"Tell me a *good* story!" was: Re: Freud is dead but sexy with it (was: Re: Wobble Wobble)

From: Michael M. Butler (butler@comp-lib.org)
Date: Sun Jan 30 2000 - 00:26:44 MST

Damien Broderick wrote:
> At 11:28 PM 29/01/00 -0500, Bob Owen wrote:
> >I will restrict myself here to one observation, and wait a bit
> >to see if someone else might not do a much better job than
> >I can in addressing your subtle question.
> My question has subtle implications, but as MMB notes, it was an axe-blow.

I was thinking more of an Alexandrian sword, but hey.
> But when the doubtful aspects of the `Oedipal' story are
> cleared away, we seem to be left with what may be important pointers to the
> development of the infant in respect of its own body and its early adult
> figures.

Indeed, it may be so that Freud was <more nearly> right _for some humans
but not for all_. Claiming that he was simply projecting is a cheap
shot. But OTOH, "Before I tell you if the glass is half empty or half
full, *you* tell *me* what's in the glass..."

> [Evidence
> suggests] that the human being may function in the ways outlined by the
> mechanisms of repression and displacement [but] that the theory of dreams
> and symbolism will not do, and only contains a part of the truth.

Cf. Lakoff & Johnson's _Philosophy in the Flesh_. If most reasoning
overloads (in the software sense) the hunter-gatherer brain in a way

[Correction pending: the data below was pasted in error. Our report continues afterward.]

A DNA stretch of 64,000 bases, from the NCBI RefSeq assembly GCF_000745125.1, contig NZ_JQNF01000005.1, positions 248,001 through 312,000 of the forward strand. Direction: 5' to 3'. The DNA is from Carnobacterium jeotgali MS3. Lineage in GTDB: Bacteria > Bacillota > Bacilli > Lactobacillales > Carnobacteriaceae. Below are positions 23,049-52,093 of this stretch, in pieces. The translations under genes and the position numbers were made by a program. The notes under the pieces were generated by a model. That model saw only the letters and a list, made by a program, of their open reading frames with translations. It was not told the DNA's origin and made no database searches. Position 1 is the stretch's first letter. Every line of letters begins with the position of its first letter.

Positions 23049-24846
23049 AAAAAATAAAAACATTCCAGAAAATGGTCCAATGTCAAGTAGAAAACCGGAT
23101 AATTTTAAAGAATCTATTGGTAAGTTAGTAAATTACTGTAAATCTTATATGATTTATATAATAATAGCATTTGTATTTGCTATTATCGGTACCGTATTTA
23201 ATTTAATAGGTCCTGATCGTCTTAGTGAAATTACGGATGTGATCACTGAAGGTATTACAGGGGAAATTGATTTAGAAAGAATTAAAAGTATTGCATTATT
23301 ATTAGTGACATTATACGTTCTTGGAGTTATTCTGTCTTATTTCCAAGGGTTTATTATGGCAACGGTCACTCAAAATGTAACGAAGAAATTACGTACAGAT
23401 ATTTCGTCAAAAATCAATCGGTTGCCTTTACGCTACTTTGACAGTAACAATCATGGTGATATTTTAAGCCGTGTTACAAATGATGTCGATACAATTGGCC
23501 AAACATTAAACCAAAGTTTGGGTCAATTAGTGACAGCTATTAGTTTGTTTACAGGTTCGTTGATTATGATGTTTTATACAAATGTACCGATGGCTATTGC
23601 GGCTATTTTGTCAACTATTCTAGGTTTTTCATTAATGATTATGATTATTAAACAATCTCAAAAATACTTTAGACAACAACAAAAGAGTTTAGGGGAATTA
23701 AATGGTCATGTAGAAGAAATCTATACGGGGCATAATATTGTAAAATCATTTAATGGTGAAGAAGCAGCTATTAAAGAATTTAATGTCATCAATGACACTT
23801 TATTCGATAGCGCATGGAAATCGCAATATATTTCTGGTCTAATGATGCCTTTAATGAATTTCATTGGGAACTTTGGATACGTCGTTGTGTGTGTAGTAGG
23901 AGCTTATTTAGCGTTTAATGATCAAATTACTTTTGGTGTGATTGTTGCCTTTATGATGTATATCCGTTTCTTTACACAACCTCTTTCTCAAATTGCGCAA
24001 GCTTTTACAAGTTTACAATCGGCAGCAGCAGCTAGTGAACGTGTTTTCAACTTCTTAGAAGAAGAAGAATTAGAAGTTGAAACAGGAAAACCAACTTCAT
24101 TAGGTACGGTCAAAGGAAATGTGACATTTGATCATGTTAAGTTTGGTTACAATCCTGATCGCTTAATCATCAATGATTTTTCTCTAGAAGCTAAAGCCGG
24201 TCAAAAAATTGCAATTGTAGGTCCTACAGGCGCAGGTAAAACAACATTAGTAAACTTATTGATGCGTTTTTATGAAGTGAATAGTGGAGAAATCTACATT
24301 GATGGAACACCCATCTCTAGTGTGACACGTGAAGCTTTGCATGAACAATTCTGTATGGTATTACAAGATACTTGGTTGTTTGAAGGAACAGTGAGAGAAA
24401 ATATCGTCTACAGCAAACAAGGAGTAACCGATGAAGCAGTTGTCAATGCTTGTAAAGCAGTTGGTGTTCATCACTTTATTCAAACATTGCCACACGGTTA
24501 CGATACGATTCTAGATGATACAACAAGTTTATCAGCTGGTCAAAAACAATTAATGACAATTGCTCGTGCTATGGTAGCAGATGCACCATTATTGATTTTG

resembling what L&J are suggesting, it stands to reason that there might
be some useful coincidence that is _not happenstance_ but is nonetheless
not "founded" on what is, in all likelihood, just another set of
metaphors Freud's hunter-gatherer brain seized upon. "Right, but for the
wrong reason." It's just a story. And we are evolved to like stories a
lot as long as they hang together.

> he gives only one chapter (though his tape-transcribed case studies from
> the consulting room of the psychiatrist Turquet are certainly corrosive:
> `the material is perspective-dependent; and it is self-confirmatory and
> therefore method-dependent to some degree, and hence artefact-infected').

A ROAF (Relative of a Friend) was working on a PhD thesis (as far as I
know, abandoned) and I never managed to get a copy of the draft. It
might be salient. If I have it right, this fellow was intent upon
attacking Milgram among others (the famed "Milgram's Eleven" obedient
"experimenters" "shocking" "subjects" into "unconsciousness")--claiming
that they couldn't even determine what a _result_ was, let alone what it
"meant"--because what they expected would color what they would perceive